Quotes from The Horn Handbook

One reference text I keep coming back to is The Horn Handbook, by Verne Reynolds.  One of my favorite chapters is the last one, “Teaching the Horn.”  Below are some of my favorite quotes from that chapter.   On a side note, although I never studied with Mr. Reynolds, I did have the opportunity to study with a couple of his former students during my summers at Brevard Music Center; Cynthia Carr and Dr. John Ericson.  I consider my summers there as some of the most important in my musical development, and I highly recommend attending Brevard to any serious musician.  Now on to the quotes:

It was once believed that several year’s experience in a symphony orchestra was prerequisite to college teaching, or, after long service in an orchestra, a ‘college teaching job’ would be a fine way to finish one’s musical life.  Few college positions in applied music today do not demand a high level of performing ability and an educational record that signifies intellectual breadth and vigor.  This combination of strengths is needed to obtain a professorship, to advance in the academic world, and to prosper in the private studio.(p. 221)

If we are content with teaching as we were taught, with feeding upon the labor of others who provide us with music and information, and are satisfied with playing and teaching the same music year after year, our students are likely to follow our example.  This is not teaching as it is understood in most disciplines.  In their undergraduate years our students are especially sensitive to the models they see around them.  These are the years that set up lifelong patterns of attitude, industry, and behavior. (p. 224)

A fine studio teacher continues to learn.  Just as fine players must set aside time for practice in order to progress, studio teachers should organize their professional and academic lives to include reading and research.  A day without reading can be compared to a day without practice. (p. 239)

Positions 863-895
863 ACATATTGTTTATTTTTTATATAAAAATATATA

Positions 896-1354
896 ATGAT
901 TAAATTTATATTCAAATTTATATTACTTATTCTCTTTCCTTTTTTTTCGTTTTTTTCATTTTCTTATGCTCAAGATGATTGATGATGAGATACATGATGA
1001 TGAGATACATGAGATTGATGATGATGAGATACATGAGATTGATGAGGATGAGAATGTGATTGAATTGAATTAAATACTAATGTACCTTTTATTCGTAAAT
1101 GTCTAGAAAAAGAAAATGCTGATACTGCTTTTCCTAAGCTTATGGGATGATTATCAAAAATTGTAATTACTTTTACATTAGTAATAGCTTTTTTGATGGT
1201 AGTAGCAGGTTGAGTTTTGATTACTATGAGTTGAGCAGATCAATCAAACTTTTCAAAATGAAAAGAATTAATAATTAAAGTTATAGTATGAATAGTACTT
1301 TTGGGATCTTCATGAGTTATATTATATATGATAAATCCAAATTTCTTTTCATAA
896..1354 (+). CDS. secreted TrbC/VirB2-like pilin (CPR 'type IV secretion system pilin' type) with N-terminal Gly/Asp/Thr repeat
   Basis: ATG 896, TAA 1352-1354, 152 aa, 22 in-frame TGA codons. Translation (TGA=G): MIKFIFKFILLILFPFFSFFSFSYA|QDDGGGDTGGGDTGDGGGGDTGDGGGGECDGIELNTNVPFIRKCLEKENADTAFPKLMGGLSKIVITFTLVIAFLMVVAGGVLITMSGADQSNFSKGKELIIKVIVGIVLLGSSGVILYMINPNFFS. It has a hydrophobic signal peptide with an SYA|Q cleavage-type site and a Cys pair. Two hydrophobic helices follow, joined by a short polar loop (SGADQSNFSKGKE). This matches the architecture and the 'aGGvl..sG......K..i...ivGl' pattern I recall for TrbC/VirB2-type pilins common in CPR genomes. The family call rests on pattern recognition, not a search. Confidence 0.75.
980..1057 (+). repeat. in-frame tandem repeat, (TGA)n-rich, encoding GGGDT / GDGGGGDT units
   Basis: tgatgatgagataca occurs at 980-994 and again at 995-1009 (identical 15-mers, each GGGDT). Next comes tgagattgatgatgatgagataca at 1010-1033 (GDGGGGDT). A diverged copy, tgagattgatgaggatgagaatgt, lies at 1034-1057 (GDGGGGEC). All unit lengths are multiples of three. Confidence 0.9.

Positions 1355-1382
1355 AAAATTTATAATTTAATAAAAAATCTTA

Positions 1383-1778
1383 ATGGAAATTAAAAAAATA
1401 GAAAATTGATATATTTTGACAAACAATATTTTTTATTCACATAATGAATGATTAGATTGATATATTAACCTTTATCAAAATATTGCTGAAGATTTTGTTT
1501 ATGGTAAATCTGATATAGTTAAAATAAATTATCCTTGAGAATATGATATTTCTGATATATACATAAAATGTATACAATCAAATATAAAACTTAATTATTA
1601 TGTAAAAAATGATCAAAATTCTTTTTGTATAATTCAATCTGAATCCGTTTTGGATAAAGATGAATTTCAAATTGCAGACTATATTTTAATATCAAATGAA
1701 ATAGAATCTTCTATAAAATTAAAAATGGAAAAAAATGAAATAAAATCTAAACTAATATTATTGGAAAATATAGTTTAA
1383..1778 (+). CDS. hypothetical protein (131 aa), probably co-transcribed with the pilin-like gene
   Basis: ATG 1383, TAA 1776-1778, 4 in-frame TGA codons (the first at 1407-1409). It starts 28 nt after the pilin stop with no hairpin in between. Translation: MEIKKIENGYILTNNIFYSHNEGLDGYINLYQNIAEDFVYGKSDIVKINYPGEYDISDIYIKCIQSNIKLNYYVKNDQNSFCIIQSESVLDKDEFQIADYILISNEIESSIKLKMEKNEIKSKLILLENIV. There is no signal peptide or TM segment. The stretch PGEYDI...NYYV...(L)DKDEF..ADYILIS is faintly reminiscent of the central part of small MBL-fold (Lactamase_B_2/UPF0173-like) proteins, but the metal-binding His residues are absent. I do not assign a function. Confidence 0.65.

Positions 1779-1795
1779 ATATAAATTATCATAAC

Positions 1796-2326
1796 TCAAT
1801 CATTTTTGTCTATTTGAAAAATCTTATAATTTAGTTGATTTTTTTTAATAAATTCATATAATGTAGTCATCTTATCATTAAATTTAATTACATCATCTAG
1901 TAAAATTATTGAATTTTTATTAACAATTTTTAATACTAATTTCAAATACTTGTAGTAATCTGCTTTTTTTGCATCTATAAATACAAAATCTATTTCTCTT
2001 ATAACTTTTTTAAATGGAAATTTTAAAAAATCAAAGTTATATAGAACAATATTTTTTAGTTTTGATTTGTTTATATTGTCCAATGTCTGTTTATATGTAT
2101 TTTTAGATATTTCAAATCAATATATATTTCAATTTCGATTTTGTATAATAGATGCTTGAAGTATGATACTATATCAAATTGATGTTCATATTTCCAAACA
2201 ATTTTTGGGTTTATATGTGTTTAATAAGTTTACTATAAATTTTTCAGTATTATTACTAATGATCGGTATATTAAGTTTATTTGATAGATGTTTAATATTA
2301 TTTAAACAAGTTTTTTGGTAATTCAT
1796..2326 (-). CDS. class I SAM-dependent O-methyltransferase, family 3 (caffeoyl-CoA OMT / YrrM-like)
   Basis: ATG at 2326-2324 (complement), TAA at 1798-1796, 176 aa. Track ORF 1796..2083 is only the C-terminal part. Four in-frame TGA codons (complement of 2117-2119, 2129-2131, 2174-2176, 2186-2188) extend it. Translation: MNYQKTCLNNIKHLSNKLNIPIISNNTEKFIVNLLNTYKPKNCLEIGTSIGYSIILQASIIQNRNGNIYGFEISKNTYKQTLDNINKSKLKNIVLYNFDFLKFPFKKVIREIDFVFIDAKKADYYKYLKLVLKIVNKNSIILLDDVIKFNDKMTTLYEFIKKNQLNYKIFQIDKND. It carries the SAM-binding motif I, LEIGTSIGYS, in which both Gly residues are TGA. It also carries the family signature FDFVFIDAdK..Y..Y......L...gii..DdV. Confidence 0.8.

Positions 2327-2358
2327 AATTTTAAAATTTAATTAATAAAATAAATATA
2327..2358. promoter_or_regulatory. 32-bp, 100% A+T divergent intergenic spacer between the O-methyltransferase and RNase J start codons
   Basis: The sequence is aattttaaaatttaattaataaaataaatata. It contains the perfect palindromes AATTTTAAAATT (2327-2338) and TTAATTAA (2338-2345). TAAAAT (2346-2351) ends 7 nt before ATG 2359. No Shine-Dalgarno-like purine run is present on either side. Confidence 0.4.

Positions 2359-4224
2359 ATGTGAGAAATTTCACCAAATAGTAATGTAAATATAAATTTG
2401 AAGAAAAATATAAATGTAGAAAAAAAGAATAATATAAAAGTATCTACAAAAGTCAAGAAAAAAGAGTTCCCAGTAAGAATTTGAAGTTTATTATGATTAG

A successful private teacher combines kindness with determination.  The teacher’s effectiveness is not lessened by a genial countenance.  Kindliness is a manifestation of benevolent strength.  Determination is strength of conviction aided by perseverance and confidence.  All of these-determination, strength of conviction, perseverance, and confidence-are qualities that a fine private teacher strives to instill in students; they are also qualities that must be present in the teacher. (p. 240)

And one final quote from the “Epilogue II” section.  Quite inspirational!

Which instrument requires the physique of an athlete and the heart of a poet?  Which instrument demands dedication, perseverance, industry, honesty, and an indefinable musical gift?  Which instrument rewards the player and the listener with perfect joy?  The horn, the horn, the horn, of course. (p. 247)

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